Credit- Stunner Kits
A year-long pandemic has done wonders for the vintage football shirt market- why are fans turning to shirts while the doors of their grounds remain closed?
“Football is the most important of the unimportant things in life.”
As COVID-19 emerged, all else seemed to pale into insignificance, and Arrigo Sacchi’s remark became increasingly prophetic. After all, how could anyone concern themselves with football in the face of a killer virus and rising death tolls?
Football was unceremoniously relegated to the league of “unimportant things”, but there were those who refused to accept that result. This sport is the foundation upon which so many build their lives, a social and emotional outlet for millions across the globe. Indeed, the results of a ThinkPublic survey, which found that 28.5% of football fans said being unable to attend matches had impacted their mental health, were unsurprising.
Amidst all the grief and suffering, fans were also mourning the lost connection with both their team and fellow supporters. Becca Johnson said the absence of her weekly trips to the Stadium of Light was felt keenly.
“It has been difficult not being able to go and watch football when it’s such a big part of your life. The whole matchday experience, getting up, sticking your club’s shirt and scarf on, the walk up to the ground, meeting the familiar faces along the way, I think a lot of people have missed that social experience.”
For Mimo Gabarrìa, matches are almost religious ceremonies, with fans taking part in a collective pilgrimage to their place of worship.
“The occasion of match day is a sacred experience for many and we have missed being able attend in our masses. The allure of chanting in the pub, walking to the stadium and moving through the creaking turnstiles is sorely missed.”
Just as this void was created in the lives of football fans, searches for vintage football shirts exploded. The peak was the glorious summer of 2018, when England charged to the World Cup semi-finals and the country desperately sought 90’s shirts to adorn themselves with.
However, between March 7 and May 16 in 2020, searches rose from being 87% lower than this peak to just 3% below. Despite the suspension of the sport altogether, fans were almost as eager for shirts during this national crisis as they were amidst the national footballing fervour of 2018.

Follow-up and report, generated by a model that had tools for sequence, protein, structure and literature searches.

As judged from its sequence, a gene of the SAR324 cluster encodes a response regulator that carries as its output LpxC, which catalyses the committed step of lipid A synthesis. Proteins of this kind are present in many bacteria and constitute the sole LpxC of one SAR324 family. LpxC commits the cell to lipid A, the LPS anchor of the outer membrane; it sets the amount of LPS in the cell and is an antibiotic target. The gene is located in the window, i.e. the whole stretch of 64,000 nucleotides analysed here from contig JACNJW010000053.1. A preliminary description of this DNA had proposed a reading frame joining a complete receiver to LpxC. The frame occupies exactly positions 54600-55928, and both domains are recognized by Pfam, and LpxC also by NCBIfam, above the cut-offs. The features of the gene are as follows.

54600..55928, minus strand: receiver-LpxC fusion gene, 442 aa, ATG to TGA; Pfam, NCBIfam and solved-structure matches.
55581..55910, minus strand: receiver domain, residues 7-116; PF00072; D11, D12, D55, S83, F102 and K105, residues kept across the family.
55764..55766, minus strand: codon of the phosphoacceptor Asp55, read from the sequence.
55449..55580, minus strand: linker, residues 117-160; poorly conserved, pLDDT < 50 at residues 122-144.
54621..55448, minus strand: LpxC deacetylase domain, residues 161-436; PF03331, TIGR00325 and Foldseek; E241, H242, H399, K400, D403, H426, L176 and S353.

Serge Scherbina runs Stunner Kits, a retro football shirt shop, with his girlfriend Polly. He said this sudden surge in popularity could be attributed to fans attempting to find alternatives to the match day experience.
“Football in the UK is a way of living- it isn’t just something that you do for fun. I would agree that it is definitely something that can temporarily replace those emotions from coming to the ground, supporting your team and connecting with other fans.”
For Ryan Plant, his collection of shirts has begun to represent a time when stands were full, before atmosphere and spectacle were replaced with a sanitised version of the sport.
“It’s no coincidence that the shirts I’ve found myself buying have been older, which, even if they’re only from last season, are associated with times when fans could be at the ground and the sport was very different.”
Josh Warwick, a co-owner of Cult Kits, believed that nostalgia was a driving force behind the growth of this market, with many looking to remind themselves of the halcyon days of their footballing youth.
“People are missing football, they have got more time on their hands, so even just browsing our site is a nice nostalgic thing to do.
“Often your favourite era of shirts, a bit like music, is from when you were growing up and you first started to fall in love with football. Looking at or buying these shirts allows you to remind yourself of being a kid, discovering football and nothing else really mattering.”
Such childhood reminiscence also lends itself to reflection on family. For Paul Van Dijk and Martin Albert, football shirts are intertwined with memories of their fathers.
Paul has used the past 12 months as an opportunity to invest in the shirts that were so important to him in his youth. The most treasured item in his collection, however, is the Feyenoord away kit from 1998/99. This was the first shirt from his beloved club bought for him by his dad- a reminder of that connection between father and son borne out of a mutual passion for Rotterdam’s finest.
Martin found that looking through the older shirts in his collection allowed him to reminisce about games and grounds visited with his father, who passed away several years ago. In this way, shirts become more than pieces of polyester. A collection turns into a memory bank, with each shirt unlocking another recollection of the relationship between family and football.
This nostalgia extends beyond just fond memories of growing up. Rather, Serge believes that fans are becoming increasingly invested in vintage shirts as they are visual reminders of footballing authenticity, before the sport became trapped in corporate clutches.
Serge said: “Nostalgia is the engine of our business, especially when it is obvious that football is not what it used to be two decades ago.
“It is too monetised these days- back then it was rich with personas, personalities and character, so these shirts bring out good memories.
“We want to carry the message that football is not what it used to be. If you want to remind yourself of what it used to be, and what it still can become again, you can come by and talk with us, look through our shirts and relive the glory days.”
Of course, football shirts cannot indefinitely satisfy the fans’ hunger for the return of the sport, nor can they turn back the clock to the game’s past. Even so, their ability to evoke a powerful nostalgia- be it for one’s youth, a golden footballing era, or simply being able to attend matches- makes them invaluable to the fans waiting for victory against the pandemic.